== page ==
Friday, November 12, 2010

One upon a time ...

We had snow... bunches of snow. Snow days, snow icecream, sledding snow, shoveling snow... snowballs and snowmen. We built forts and igloos and played outside until we were wet to the skin. Then we went inside and laid our things out to dry in front of the fireplace and drank homemade hot chocolate made with milk from Bossie our milk cow.
And when our clothes were dry we went out again. I sorta miss snow...
Chris the dog's house at Granpa Dave's 1977

Grandpa's cows
The house in valley snowy day 1977

Pine tree in Grandma and Grandpa's yard 1977

Tuesday, November 9, 2010

This is my grandpa Ferris H. Parker Sr. As far as I know this is the only picture we have of him. On the back of the picture it says the cat's name is Blue Boy. I only met my Grandpa Ferris one time. He came back to Ohio once for a family reunion. I was pretty little. I remember riding in the car on the way to Ohio. I didn't feel good. My ears hurt. Somewhere along the way we stopped for lunch and I got spaghetti and meatballs. Dad argued with mom about whether I should be allowed to have something so messy. A really big napkin solved the problem.
I remember meeting my grandpa Ferris at the reunion. I thought he was big, and scary and had a really big cowboy hat. I remember the wind blew the cowboy hat off his head. He was bald. He was mad that the hat got away.   I remember hiding under the porch swing because I was scared of him. I was scared of him because my dad had told us stories about him. How  he was a hit first ask questions later kind of parent. How he abandoned the family when my dad's mother died in child birth. As a little girl that was enough to convince me I didn't want anything to do with him. That was the only time I ever saw him. We didn't hear anything more from him until Dad was called to go to his funeral some years later.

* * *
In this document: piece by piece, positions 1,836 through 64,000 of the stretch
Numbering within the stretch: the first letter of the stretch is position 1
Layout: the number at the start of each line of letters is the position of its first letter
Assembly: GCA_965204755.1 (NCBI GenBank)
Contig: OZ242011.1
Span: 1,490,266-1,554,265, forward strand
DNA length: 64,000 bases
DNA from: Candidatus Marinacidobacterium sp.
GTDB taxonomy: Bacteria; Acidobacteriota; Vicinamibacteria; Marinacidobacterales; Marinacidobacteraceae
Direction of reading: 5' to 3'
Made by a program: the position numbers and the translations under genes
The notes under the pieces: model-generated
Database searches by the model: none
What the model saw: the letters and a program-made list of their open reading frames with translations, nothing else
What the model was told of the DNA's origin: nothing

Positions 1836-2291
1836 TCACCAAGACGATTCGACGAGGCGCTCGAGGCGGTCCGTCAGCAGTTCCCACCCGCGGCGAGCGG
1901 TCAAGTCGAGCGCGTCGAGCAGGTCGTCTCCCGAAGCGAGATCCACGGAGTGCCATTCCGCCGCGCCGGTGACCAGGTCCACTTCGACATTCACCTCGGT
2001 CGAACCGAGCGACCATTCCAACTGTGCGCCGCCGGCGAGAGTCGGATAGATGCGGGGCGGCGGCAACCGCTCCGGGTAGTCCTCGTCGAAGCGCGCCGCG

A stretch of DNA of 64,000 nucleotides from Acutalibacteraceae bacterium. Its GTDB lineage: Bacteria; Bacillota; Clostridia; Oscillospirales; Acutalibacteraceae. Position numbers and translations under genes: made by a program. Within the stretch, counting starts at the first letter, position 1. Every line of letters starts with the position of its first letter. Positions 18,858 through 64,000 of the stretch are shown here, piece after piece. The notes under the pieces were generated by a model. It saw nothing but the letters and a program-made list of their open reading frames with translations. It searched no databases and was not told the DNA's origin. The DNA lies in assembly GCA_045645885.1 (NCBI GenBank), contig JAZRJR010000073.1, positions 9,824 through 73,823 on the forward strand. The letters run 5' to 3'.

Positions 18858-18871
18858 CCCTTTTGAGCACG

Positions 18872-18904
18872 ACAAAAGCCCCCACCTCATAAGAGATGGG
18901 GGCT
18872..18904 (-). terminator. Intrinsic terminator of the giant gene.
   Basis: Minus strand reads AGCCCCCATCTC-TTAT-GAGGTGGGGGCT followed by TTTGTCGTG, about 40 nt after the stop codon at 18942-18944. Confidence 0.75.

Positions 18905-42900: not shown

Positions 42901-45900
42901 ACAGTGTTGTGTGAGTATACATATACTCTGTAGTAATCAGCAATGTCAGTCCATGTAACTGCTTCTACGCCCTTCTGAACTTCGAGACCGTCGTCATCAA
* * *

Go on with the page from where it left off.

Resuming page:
This is the only picure I have of my dad when he was a boy. It's my dad, Ferris Harmon Parker Jr. on the left and his brother Larry on the right. Dad had lots of siblings I remember Larry, Bobby and Rosella. I met some of the others but those three are the ones that I remember. Dad said they were so poor that he only had one pair of pants and Aunt Rosie would beat him up and steal his pants. Then he couldn't go to school.
My dad didn't have a very easy early life.

Sunday, June 20, 2010

Wringers, mangles and laundry day

When I was little my grandma Dorothy had a wringer washer. I loved to help her on laundry day. First we sorted the laundry: whites, lightly soiled colors, soiled colors (Grandpa's work shirts), then darks. After the laundry was organized in neat piles we ran the washer full of hot water using a hose hooked to the water heater. Add the soap. Add the laundry. Turn it on. Have a snack.
After the laundry was good and agitated came my favorite part - running the clothes through the wringer!
"Be careful you don't get your finger caught," Grandma would say. "Your Aunt Ruth got her fingers caught once and ran her arm into the ringer clear up to elbow. You don't want that to happen."
Grandma Dorothy taught me to fold the flat things like towels and sheets so they would run through the narrow wringer without jamming.
"Watch out for your fingers." Oops it almost got me.
Then she taught me how to release the wringer so I could get the towels that jammed out of the wringer and try again.
She taught me to fold the blue jeans so that the zipper was protected.